In January 2020 members of the Iraqi parliament said the country was mulling the purchase of advanced Russian S-400 missile systems amid concerns that Washington might stop supporting Iraq and providing it with modern air defence armaments.
The Parliamentary Security and Defence Committee of Iraq submitted a detailed study requesting the purchase of Russian long-range, surface-to-air S-400 missile defence systems for the consideration of the country’s caretaker prime minister Adel Abdul-Mahdi on 18 April.
“The issue has already been discussed with relevant figures at the General Command of Armed Forces, and now awaits the prime minister’s agreement,” committee member Badr al-Ziyadi was quoted as saying by the Arabic-language newspaper al-Sabaah.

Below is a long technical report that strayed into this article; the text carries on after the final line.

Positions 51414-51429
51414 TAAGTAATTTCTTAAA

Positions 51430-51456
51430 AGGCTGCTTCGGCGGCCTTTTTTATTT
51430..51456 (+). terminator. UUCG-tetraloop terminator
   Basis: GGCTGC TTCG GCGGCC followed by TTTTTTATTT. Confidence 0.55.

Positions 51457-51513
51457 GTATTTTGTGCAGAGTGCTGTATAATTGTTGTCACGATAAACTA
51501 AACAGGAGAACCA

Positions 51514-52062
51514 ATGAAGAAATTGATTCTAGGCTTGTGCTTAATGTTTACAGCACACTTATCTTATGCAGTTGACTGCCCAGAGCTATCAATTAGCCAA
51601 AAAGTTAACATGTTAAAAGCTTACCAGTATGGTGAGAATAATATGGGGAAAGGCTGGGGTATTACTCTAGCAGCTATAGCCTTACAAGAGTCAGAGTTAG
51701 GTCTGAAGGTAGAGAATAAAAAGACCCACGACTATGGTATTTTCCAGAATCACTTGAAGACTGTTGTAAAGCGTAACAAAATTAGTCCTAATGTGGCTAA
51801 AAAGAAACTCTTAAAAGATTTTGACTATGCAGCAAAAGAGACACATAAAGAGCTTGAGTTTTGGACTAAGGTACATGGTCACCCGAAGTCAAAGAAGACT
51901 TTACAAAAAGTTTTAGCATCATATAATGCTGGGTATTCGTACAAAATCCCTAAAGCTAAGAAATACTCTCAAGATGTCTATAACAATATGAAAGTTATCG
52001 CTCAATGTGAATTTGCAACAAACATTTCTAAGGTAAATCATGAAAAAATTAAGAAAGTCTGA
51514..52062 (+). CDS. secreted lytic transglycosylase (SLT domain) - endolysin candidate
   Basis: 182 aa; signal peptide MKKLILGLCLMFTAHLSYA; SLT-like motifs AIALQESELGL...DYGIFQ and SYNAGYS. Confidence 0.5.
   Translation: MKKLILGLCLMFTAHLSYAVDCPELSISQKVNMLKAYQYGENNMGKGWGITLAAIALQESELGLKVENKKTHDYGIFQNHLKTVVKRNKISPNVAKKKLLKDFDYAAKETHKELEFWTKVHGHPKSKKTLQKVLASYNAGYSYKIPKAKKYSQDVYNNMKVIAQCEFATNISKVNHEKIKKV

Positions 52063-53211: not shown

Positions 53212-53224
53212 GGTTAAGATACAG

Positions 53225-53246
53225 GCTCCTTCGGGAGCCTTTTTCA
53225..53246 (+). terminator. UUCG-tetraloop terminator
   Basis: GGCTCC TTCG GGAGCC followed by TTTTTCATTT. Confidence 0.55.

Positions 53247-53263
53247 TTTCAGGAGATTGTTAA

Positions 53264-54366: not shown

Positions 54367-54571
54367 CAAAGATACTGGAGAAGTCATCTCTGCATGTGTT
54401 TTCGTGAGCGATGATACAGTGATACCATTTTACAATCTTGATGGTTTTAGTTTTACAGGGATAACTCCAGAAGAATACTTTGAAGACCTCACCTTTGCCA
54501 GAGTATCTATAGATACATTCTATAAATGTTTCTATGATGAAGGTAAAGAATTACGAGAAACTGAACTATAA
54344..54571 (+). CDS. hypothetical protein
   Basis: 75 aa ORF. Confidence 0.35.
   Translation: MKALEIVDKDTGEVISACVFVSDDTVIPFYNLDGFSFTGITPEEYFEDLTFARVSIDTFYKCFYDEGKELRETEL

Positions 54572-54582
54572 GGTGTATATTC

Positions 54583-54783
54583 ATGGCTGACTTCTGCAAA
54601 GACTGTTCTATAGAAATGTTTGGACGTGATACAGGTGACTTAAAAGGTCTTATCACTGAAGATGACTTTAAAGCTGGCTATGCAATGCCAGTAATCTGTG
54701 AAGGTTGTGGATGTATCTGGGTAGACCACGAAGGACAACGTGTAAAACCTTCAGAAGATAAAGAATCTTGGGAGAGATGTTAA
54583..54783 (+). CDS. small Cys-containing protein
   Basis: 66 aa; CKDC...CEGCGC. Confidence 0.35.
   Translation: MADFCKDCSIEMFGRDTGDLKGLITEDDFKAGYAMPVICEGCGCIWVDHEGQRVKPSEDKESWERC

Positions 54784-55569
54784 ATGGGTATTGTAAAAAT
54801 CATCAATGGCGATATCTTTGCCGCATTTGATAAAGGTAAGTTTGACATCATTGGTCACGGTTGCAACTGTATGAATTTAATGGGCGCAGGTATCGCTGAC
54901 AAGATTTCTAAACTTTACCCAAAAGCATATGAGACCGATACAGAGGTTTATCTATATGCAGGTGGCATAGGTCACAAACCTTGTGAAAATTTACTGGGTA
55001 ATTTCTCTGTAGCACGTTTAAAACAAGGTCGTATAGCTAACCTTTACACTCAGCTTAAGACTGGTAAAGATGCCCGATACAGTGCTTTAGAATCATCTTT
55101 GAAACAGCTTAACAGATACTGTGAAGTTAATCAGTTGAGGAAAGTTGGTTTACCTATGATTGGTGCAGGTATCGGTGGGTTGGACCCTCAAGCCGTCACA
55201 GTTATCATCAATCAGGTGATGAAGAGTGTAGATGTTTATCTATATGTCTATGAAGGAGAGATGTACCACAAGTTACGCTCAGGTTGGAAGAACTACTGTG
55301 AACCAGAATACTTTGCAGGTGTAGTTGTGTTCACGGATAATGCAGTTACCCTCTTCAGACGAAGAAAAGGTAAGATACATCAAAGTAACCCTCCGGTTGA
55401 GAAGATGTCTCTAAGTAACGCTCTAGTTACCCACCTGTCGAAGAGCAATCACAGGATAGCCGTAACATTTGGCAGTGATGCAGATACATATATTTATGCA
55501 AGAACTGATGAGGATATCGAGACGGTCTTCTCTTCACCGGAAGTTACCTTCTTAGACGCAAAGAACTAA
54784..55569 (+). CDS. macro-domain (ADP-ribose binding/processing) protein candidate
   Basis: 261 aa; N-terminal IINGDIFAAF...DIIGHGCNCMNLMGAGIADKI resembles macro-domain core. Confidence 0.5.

As he underscored the country’s need to enhance its defence capabilities, the parliamentarian explained that the acquisition of the S-400 missile system could be finalised after ratification of the deal by the new government that succeeds the current caretaker one, adding his parliamentary committee “will support the next Iraqi government’s decisions in this regard, and will present relevant proposals and pieces of advice to it”
“The approval to acquire such a sophisticated system requires large financial allocations and a political decision in order to diversify the sources to get the weapons as we cannot just rely on the Western camp, but rather need to incline towards the Eastern camp as well,” said Ziyadi.
In a number of previous instances, the Iraqi lawmaker had gone on record as voicing concerns over attempts to pressure Baghdad to forgo signing arms contracts with other states.